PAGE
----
Atlas Translations Instagram

Clare

Instagram, Atlas Translations, St Albans, London, Clare SuttieWhen Instagram was first… ‘invented’ (?) it went from 0 registered users to 1 million users in the first 2 months of … ‘inventedness’ (not a real word now a real word as far as I am concerned). To those of you who have been in a deep sleep since 2010, I will briefly explain my understanding of Instagram, how it works, how other people use it (not just for millennials, I discovered) the birth of the ‘selfie’ and indeed the introduction of the word ‘selfie’ into languages. A new word that is proper official like (unlike ‘inventedness’). Indeed, it was word of the year in 2013. More of the selfie shortlie (see what I did there?).

 

Instagram

Instagram is essentially a photograph sharing social media platform. While Twitter offers 140 characters (and the option of an image), Instagram offers primarily the image, and then the option of words – which are often redundant when a picture is provided. So how can a translation agency use an image-based social media platform to share with followers? Well, there’s the selfie – I won’t cover that just yet. Hold your horses….

 

Given that there are nearly seven thousand languages on our lovely little planet that covers a lot of ground. Many, many countries and cultures to learn about. Who speaks what? And where? And what do they look like? What do they see when they wake up? What world do they live in, that we have never experienced?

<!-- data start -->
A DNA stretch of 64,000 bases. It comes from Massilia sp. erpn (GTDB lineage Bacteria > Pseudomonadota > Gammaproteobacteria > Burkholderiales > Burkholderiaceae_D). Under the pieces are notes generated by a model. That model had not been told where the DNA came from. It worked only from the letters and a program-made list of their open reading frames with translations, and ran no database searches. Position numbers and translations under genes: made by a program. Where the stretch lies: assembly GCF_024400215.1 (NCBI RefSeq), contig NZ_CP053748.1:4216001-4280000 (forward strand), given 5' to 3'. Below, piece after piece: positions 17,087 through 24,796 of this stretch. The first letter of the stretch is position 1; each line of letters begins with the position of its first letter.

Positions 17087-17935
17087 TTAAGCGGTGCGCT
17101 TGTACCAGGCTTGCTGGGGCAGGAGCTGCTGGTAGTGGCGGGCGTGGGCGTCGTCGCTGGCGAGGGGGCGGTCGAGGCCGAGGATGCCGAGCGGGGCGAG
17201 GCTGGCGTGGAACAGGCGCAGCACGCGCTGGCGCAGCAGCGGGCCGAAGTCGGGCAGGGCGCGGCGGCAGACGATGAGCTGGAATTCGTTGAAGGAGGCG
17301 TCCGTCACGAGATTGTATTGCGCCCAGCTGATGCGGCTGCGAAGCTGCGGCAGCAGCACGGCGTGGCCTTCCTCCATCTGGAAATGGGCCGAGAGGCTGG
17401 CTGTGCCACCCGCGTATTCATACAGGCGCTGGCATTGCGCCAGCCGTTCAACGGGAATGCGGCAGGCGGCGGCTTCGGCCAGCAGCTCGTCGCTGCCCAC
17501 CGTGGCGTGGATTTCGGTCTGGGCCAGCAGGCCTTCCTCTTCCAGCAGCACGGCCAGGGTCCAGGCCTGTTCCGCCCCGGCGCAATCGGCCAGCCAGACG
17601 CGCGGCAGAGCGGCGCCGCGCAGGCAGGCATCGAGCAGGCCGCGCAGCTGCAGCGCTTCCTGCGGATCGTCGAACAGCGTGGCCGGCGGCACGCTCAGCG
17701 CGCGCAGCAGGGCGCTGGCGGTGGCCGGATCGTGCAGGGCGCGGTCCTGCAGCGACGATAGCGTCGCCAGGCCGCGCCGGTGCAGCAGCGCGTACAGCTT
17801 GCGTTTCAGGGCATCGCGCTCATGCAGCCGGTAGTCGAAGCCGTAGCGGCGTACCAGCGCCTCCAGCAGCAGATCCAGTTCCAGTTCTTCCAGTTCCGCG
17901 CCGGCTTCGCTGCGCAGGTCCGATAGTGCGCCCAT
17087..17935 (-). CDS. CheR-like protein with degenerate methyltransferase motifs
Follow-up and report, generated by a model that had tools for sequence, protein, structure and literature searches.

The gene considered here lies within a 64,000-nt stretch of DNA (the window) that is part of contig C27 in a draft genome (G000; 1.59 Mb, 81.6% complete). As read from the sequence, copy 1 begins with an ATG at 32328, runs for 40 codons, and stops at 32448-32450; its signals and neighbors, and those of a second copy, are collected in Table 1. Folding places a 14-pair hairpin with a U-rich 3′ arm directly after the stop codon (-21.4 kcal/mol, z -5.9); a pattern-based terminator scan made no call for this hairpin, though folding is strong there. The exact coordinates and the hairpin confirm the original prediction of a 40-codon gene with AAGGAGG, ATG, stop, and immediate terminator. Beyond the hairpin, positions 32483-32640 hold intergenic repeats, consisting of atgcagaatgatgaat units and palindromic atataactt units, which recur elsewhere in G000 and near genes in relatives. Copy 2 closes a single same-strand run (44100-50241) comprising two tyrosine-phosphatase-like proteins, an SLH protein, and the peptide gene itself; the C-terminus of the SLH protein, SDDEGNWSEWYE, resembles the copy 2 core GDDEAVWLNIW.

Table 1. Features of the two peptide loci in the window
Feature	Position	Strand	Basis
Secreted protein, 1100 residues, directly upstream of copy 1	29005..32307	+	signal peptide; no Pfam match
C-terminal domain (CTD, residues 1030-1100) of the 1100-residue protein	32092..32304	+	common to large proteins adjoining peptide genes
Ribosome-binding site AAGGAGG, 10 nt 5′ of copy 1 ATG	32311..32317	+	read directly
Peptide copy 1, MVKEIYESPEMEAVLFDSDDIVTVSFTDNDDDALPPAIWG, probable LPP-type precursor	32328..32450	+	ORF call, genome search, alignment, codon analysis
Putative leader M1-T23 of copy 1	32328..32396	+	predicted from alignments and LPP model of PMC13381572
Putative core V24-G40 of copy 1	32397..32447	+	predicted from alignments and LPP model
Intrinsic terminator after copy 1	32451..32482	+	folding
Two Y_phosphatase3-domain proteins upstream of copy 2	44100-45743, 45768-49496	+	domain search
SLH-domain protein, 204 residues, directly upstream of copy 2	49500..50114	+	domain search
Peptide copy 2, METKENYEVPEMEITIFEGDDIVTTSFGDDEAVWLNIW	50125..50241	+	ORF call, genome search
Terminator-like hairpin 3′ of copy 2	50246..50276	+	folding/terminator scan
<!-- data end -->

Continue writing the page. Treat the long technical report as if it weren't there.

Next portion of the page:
Connected through Pictures

This is where Instagram can come alive and bring us together. This social media platform allows me to really explore language quirks, cool, untranslatable words used by indigenous people from around our world, as well as Atlas ‘backstage’, and I can share all this with our followers. There won’t be a this-morning’s-frappe-latte-mochiata. And there won’t be any selfies, at least not of me. Although there may be photos (yes, there’s a difference, be patient!).

 

I will post pics of our team, our translators, our clients, maybe even our nights out. I want Instagram to allow us here at Atlas to represent the polar opposite of machine translation in every sense of the word. We want you to meet us, see who we are, where we are and what we do. Putting faces to the words-behind-an-email or a voice-down-the-phone makes a huge difference to working relationships. While we may be a business based on language and words, we are actually more about *communication* – and sometimes that may just be in the form of a picture on Instagram (as well as all my Twitter musings etc).

 

The party-pooper in me is slightly irked by the concept of the selfie (selfy, surely?) as it is not something I would feel particularly comfortable in developing a habit in doing too often. I am not averse to them and I certainly don’t mind other people’s selfies. Not at all. I just feel self-conscious when taking them and am more comfortable on the other side of the lens, so there may be infrequent pics of me ‘out there’ [points to murky fog of cyber-land]. Any pictures of me will be taken by team members (and vice versa) – technically not a selfie as the definition is:

– “a photograph that one has taken of oneself, typically one taken with a smartphone or webcam and shared via social media.”.

Selfie

To go off tangent, the term selfie was first used in Australian student on a drunken night out. The bloke in question, known as Hopey, suffered a lip injury and took a ‘selfie’ of the injury for the purpose of seeking medical advice (a doctor or nurse or an A&E department would be my first port of call), but I predate the term ‘millennial’ and I certainly post-date ‘babyboomer’. Upon further research, I have learnt that I fall into ‘Generation X’. That sounds too cool. I am surely more “Generation Game”. And on that note, Farewell Brucie! Saturday nights won’t be the same.

 

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